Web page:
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School Lunch Program Supplier Sold Juice With High Arsenic Levels, U.S. Says in Lawsuit

A supplier that provided three million servings of apple juice a year to a federal school lunch program sold juice with high levels of arsenic and used rotted fruit that contained toxins, the Food and Drug Administration said in a lawsuit that it filed recently against the company.

In the lawsuit, which was filed on Nov. 6 in U.S. District Court in the Eastern District of Washington, lawyers for the government wrote that the juice supplier, Valley Processing of Sunnyside, Wash., had been cited for food safety violations on numerous occasions as far back as 2016 and had promised to take corrective action, but never did.

“Defendants have an extensive history of processing juice under grossly insanitary conditions,” the lawsuit said.

Valley Processing would be forced to suspend its operations, destroy its remaining inventory and adopt a sanitary control program developed by an independent expert before it could reopen under a consent decree proposed by the federal government.

A lawyer for the company and its president, Mary Ann Bliesner, who was also named as a defendant in the lawsuit, wrote in an email to The New York Times on Tuesday night that the company had ceased its operations and liquidated its assets. The company was in the Yakima Valley, which is known for its orchards and produce.

The lawyer, Lillian S. Hardy, described the government’s complaint as misleading, saying that the company had not sold juice directly to consumers but through other suppliers.

“Valley Processing is confident the juice sold by its customers was in full compliance with the F.D.A. guidance,” Ms. Hardy said. “Valley Processing did have recalls in 2019 and 2018 of apple juice it produced in 2018 and 2017, and in both instances, the company cooperated with the agency request.”

Still, Ms. Hardy said, the company has agreed to the terms of the proposed consent decree, which must be approved by a judge.

The company, which was incorporated in 1980, supplied apple juice through one of its customers to a school lunch program run by the U.S. Department of Agriculture, according to the lawsuit, which said that Valley Processing had distributed its products in California.

It was not immediately clear how long the company had supplied apple juice that was part of the school lunch program or which districts had used its products.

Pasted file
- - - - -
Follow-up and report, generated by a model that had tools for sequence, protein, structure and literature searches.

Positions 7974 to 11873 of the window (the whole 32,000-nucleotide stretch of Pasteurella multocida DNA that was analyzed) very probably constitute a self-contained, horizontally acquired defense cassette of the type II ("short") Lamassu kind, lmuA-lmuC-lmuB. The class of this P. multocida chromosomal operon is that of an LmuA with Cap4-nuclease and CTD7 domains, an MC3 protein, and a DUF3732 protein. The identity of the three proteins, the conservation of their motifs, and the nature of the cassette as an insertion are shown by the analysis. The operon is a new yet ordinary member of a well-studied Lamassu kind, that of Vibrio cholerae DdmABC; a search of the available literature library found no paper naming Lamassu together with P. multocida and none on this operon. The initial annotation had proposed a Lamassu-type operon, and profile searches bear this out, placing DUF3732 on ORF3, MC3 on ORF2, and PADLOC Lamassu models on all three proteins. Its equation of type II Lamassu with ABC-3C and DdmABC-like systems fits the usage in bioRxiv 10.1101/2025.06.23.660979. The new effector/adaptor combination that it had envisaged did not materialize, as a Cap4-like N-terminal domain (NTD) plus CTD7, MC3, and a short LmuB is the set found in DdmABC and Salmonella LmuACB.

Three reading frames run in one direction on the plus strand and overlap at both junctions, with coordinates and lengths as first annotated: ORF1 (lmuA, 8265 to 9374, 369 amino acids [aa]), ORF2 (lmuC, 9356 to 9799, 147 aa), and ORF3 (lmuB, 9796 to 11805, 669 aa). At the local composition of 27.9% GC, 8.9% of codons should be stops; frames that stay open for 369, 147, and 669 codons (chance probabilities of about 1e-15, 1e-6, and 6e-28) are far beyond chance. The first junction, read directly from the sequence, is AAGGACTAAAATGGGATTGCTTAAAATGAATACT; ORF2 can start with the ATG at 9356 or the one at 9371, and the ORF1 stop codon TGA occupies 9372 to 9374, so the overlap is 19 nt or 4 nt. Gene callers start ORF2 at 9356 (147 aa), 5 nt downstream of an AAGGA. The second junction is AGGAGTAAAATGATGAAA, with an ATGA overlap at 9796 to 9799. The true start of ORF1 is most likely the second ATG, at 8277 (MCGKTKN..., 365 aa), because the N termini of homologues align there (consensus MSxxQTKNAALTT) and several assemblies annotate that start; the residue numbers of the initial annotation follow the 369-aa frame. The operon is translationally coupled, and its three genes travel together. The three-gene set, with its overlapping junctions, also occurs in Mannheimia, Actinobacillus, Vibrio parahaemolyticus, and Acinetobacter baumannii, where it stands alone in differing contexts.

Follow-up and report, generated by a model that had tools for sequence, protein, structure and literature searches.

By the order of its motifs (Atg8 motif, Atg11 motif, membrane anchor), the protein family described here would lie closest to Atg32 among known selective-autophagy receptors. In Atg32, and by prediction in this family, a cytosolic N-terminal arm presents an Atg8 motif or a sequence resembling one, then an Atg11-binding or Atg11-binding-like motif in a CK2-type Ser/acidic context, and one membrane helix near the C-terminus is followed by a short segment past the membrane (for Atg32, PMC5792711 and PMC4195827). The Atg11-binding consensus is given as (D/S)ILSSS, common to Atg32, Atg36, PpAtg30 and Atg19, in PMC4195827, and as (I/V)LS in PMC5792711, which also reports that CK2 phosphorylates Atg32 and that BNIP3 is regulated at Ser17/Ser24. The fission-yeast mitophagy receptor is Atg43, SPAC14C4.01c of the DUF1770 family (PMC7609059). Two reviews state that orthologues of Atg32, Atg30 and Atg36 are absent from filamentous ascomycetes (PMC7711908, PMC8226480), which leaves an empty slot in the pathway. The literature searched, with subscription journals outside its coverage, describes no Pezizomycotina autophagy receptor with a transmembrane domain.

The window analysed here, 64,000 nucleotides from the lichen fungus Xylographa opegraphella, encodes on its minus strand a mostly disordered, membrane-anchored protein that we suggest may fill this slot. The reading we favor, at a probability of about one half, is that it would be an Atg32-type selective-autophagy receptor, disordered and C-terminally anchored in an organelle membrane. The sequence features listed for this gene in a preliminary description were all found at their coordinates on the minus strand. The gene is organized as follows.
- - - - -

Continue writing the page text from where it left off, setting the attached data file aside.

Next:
An F.D.A. spokeswoman declined to comment on Tuesday because of the lawsuit, and a U.S.D.A. spokesman said that information about the company’s role in the school lunch program was not immediately available.

Food safety investigators said that they had found high levels of inorganic arsenic in 17 lots of apple juice products and two lots of pear juice during a 2019 inspection. Arsenic, which can come from rock erosion, volcanic eruptions, pesticide use and contamination from mining and smelting ores, can cause cancer, skin lesions, cardiovascular disease, neurotoxicity and diabetes in humans, according to the F.D.A.

The inspectors said that they had also discovered high levels of the mycotoxin patulin in the company’s apple and pear juices. Patulin is produced by rotting or moldy apples and pears. It can cause nausea, vomiting and gastrointestinal disturbances in humans, according to the F.D.A.

Instead of developing a plan to reduce the amount of patulin in its juice products, the company changed its quality control standards to allow even more fruit that had significantly rotted to be used, the F.D.A. said.

“During a 10-minute period at the June 2019 inspection, F.D.A. investigators observed approximately 46 apples that were visibly deteriorated with mold and rot pass through the sorting/culling critical control point,” the lawsuit said.

Ms. Hardy, the lawyer for the company, disputed the allegations.

“Valley Processing had procedures in place to cull fruit with evidence of damage,” she wrote.

The alleged violations also included blending the sludge at the bottom of juice concentrate barrels, known as “bottoms,” with newer lots, storing grape juice concentrate at ambient temperatures and using concentrate from as far back as 2011.

In September, another company in Washington State that produces fruit juice, concentrates and purées, Milne Fruit Products, announced that it had acquired the physical assets from Valley Processing that included real estate, buildings, processing equipment, forklifts and furniture.

The company’s president, Michael Sorenson, wrote in an email to The Times on Tuesday night that the purchase had not included the business itself or its food products. He wrote that Milne Fruit Products had developed and adopted its own food safety plan at the facility and did not assume the operations of Valley Processing.

“The acquired assets are being operated, run, and overseen solely by Milne and its quality assurance department without any involvement or relationship with Valley Processing or its prior management,” Mr. Sorenson wrote.

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